Today SPx is perhaps the most bloated, meaningless product you guys purge from your factory. $200 dollars for $20 dollars worth of game-used memorabilia and $10 dollars worth of autographs. Why not take this opportunity to go out on a limb? Don’t lose baseball like your lost the N.B.A franchise.

What have you got to lose? Bring back holograms, include on-card autographs, and give a nod to the old school collectors who find new reasons to leave the Hobby more and more with every “dud” that hits the shelves.

If done right, 2010 Upper Deck SPx might be product of the year.

You Be the Judge! – King of 1997

If ever there was one year that catered to the infamous “Joe Collector”, it was 1997. Sure, Topps Finest had already created the favored drug of the Joe Collector years earlier with the debut of the Refractor and made them much easier to come by thanks to Bowman’s Best and Topps Chrome, but 1997 was just a special year for trading cards, maybe baseball in general.

Below are ten of my favorite releases of that very special season of trading cards. In this very special ‘You Be the Judge’ I am asking you the collector to chime in with your favorite brand from 1997. Was it SPx, with it’s beautiful and sometimes creepy holographic images? How about the first-ever release of Bowman Chrome or the original Bowman “Chrome” autographs released by Bowman’s Best? Maybe like me, you are a “Pinnacle Man” who loves Certified and Totally Certified, or perhaps you keep it old school with the bad ass Topps Finest of the year. If you collect and love this hobby and were around in 1997, this is your chance to speak your mind. Is your favorite 1997 baseball release not pictured? Please, let us know!

Finally, here is a full scan of eight of the images combined which would make a decent wallpaper, if you are a big enough card collecting nerd. Unfortunately, I had to leave out two products and chose Upper Deck SPx and Bowman’s Best. You can view the Wax Heaven wallpaper by clicking HERE.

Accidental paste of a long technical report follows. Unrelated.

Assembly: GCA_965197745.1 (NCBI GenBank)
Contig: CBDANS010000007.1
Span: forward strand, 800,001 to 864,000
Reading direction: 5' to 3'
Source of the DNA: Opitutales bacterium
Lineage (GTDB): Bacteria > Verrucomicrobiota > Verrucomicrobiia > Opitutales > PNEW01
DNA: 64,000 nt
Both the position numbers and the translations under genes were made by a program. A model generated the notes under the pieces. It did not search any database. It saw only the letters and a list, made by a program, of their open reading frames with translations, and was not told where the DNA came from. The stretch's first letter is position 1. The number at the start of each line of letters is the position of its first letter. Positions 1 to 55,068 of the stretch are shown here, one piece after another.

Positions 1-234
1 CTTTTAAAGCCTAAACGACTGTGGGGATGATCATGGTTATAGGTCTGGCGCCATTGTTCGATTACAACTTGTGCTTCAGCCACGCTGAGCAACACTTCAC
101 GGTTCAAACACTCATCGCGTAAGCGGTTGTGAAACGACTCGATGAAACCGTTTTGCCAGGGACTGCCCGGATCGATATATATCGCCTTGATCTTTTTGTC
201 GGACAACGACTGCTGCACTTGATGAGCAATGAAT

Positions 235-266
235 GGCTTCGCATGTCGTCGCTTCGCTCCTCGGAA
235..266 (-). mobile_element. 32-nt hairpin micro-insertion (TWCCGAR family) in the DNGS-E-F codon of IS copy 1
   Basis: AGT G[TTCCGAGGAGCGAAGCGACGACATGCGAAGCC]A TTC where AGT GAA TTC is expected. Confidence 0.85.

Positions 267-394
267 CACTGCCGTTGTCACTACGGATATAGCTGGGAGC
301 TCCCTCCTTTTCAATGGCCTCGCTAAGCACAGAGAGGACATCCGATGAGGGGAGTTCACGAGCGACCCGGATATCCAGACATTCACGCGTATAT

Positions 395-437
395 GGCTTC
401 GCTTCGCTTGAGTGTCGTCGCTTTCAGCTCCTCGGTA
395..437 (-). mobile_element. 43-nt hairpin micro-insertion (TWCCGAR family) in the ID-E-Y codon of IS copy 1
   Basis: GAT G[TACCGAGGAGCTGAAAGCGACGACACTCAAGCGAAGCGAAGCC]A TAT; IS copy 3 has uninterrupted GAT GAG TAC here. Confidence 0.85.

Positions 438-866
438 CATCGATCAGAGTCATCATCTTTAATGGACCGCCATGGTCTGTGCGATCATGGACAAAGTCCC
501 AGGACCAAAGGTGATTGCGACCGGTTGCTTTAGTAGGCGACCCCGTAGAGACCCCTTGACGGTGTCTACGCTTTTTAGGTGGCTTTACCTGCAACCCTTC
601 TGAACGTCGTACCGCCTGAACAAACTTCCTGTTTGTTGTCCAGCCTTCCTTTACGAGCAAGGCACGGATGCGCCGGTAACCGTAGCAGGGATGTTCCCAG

Upper Deck SPx

Pinnacle Totally Certified

E-X 2000 (Fleer)

Donruss Signature Series

Topps Finest

Flair Showcase (Fleer)

Leaf Limited (Donruss)

Bowman’s Best

Pinnacle Certified

Bowman Chrome

A piece of art in every pack?

In my rookie season at Wax Heaven I wrote a short, little piece about the best-designed set of the 90’s, in my opinion. Now, it’s not often art and baseball gets together (unless you are the immortal Dick Perez) but in this case this is exactly what happened. The year was 1997 and Fleer was looking to make some waves in the hobby. After all, one of their competitors had put out the first-ever “Autograph per pack”, in Donruss Signatures and Upper Deck was continuing to stun collectors and observers with their innovative SPx holograms.

Fleer’s response is a perfect example of “thinking outside the box”. It was essentially, tiny pieces of art in every single pack. Check out this Astros’ Jeff Bagwell selling on eBay for a mere $5. Even more shocking is this Cal Ripken Jr. with the overcast sky behind him with no bids and a starting price of one penny. Perhaps the storm clouds were an ominous sign that next time you pulled a Ripken Jr. baseball card the amazing consecutive games streak would have come to an end.

Unfortunately, lightning never strikes twice and next seasons’s E-X line was a complete mess. By 1999, it was clear they had completely lost their way. Still, you will always have the memory of busting packs of 1997 ‘E-X 2000’ for the very first time. It was without a doubt, the greatest five packs of baseball cards I have ever opened.

Unfortunately, with the death of Fleer baseball, we have probably seen the very last of a company who truly created a “Masterpiece” for every single collector. Goodbye Fleer. Thanks for all the memories.

1997 FLEER EX 2000